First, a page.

By Dominic Lash
In his contribution to The Language and Style of Film Criticism (2011), Andrew Klevan discusses a description of Orson Welles’s The Magnificent Ambersons (1942) that was written by his former teacher, V.F. Perkins. For Klevan, Perkins’s description of the scene about two-thirds of the way through the film between Uncle Jack (Ray Collins), Eugene Morgan (Joseph Cotten), and Lucy Morgan (Anne Baxter) “draws out a series of apparently contradictory characteristics of presentation that trouble our sense of prominence” (Klevan 2011: 83). It “avoids,” for example, “the straightforward parallels that are sometimes made in criticism” such as the assumption that “the character furthest away is necessarily the least noticeable” (ibid.); the description makes it clear that this is certainly not the case here with regard to Eugene. In doing so, Perkins’s writing offers “an example of the descriptive critic working on behalf of the film, continuing its work… Description is not simply a matter of telling us accurately or evocatively what we can see, but what we may come to see” (ibid.).
In an article forthcoming in the New Review of Film and Television Studies entitled “V.F. Perkins and the redescription of films,” I interpret Klevan’s remark as indicating that description is important largely because of the constant possibility of redescription. If we can “come to see” things differently this must be because we have managed in some sense to redescribe them, leading to shifts in perspective and insight. I develop Klevan’s notion that a critic’s acts of description can be seen as continuing the work of the film, albeit in a direction that neither Perkins nor Klevan explicitly considered, namely the claim that films themselves engage in procedures of description and redescription. To describe can also mean to mark out or draw, as in the geometrical sense of the word. As a narrative film progresses it describes – in the sense of outlining and filling in – a whole range of persons, events, attitudes, and so forth. Resisting the kind of excessively sharp distinction between description and interpretation that he would later take David Bordwell to task over, Perkins wrote in his book Film as Film (originally published in 1972) that “descriptive analysis will need at the least to make claims about the distribution of the film’s emphasis” (Perkins 1993: 191). In distributing that emphasis by means of what Nicole Brenez refers to as “a passage between altered images” (Brenez 2007: 21), films perform the acts of selection and emphasis necessary for something that we can meaningfully call description to take place. Beyond this, my article also claims that Perkins offers particular insights into failures of redescription, which is to say into films that dramatize and investigate situations in which characters’ attempts to redescribe their situations – to come to see them differently – do not come off, whether spectacularly so or more subtly. I explore this chiefly with reference to Perkins’s work on Max Ophüls’s Letter from an Unknown Woman (1948) and Elia Kazan’s America, America (1963). But comparable phenomena are also at work, albeit more unobtrusively, in Perkins’s book on Renoir’s La Règle du jeu (The Rules of the Game, 1939), about which William Rothman has written that “surely, there is no greater book of film criticism” (Rothman 2020: 123). I want in the rest of this brief piece to offer some preliminary evidence that this is so.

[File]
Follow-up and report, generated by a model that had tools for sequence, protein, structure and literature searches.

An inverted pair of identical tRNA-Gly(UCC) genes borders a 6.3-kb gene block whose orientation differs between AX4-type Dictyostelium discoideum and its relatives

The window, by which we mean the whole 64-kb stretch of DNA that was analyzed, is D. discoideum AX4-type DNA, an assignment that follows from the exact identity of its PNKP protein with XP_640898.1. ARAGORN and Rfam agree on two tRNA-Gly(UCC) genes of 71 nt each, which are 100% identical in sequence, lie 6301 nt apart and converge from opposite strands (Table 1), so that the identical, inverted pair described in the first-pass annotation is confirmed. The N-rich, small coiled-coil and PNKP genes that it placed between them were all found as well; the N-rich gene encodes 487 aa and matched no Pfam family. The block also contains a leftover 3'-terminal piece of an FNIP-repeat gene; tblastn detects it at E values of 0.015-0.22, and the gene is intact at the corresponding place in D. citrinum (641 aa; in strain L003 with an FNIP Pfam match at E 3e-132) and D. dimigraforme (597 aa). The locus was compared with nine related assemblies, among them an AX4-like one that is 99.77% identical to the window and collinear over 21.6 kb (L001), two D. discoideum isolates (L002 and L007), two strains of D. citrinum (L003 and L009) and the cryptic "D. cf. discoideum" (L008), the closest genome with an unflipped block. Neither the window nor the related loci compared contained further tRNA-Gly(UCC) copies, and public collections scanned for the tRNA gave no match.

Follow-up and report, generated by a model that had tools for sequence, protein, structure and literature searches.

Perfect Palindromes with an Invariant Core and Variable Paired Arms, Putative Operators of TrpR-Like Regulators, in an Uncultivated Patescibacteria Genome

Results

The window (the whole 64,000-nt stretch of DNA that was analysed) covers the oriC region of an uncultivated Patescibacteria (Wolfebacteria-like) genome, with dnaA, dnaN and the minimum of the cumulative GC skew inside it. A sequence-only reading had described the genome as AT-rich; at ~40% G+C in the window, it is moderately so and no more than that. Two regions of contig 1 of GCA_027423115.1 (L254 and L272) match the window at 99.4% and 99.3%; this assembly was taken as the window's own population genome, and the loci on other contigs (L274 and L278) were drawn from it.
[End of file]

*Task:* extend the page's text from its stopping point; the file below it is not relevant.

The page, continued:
A good place to start is with Perkins’s use of the word “gloss”. He used it when describing the conclusion to America, America, and he opts for it again when he writes of “the marquis’ behaviour under the most testing circumstances, when Robert has succeeded in putting an acceptable gloss on the slaughter of Jurieux” (Perkins 2012: 36). A gloss is, primarily, an interpretation (as in a gloss of a difficult text provided to students to assist their comprehension), but it also suggests a sheen (as in gloss paint), a superficial shininess that is not to be trusted. In glossing the death of André Jurieux (Roland Toutain) at the hands of the gamekeeper Schumacher (Gaston Modot) in a complicated case of mistaken identity, the Marquis de la Chesnaye (Marcel Dalio) has to redescribe the event – he cannot, of course, call it “slaughter”. Instead, from his “exposed position” on the steps of the chateau, he manages to find “both the necessary warmth in speaking of Jurieux and the necessary formality in offering an explanation of the ‘deplorable incident'” (ibid.: 36-37). At stake here is not merely the content of La Chesnaye’s description but the manner of its execution, clearly exhibited by the film’s mise-en-scène, which is both “elegantly shaped” (as Perkins writes of the marquis’s language; ibid.: 37) and expressive of exposure, of the risk the situation poses both to the marquis and to his audience; once again the “character furthest away” is far from “the least noticeable” (Klevan 2011: 83; see Fig 3). In this, the marquis’s performance at the film’s conclusion is unlike, for example, his earlier indecorous search for the ‘screw’ to his ‘warbler’ (see Fig 2), or his rather embarrassing lack of “gloss” when showing off his limonaire (a huge, automated fairground-style organ), at which point his enthusiasm almost gets the better of him. It is chiefly La Chesnaye’s manner in this, his final performance which leads “the bluff old general [Pierre Magnier] who serves as both the arbiter and the mourner of upper-class decorum” (Perkins 2012: 36) to respond negatively to his companion Saint-Aubin’s (Pierre Nay) dryly explicit declaration of the marquis’s redescription (‘A new definition of the word “accident”!’). In what is “practically the last line in the film” (ibid.), the general declares ‘no, no, La Chesnaye is not without class’. The general admires the performance because he, along with the rest of the marquis’s audience, has an interest in the successful redescription of the event. Without it, the audience would have had to confront (semi-publicly) some things that they would much rather not confront. The redescriptive failure here is moral; it is in the very fact that the redescription can be deemed to have been successfully achieved (even though nobody present truly believes in it) that this failure lies.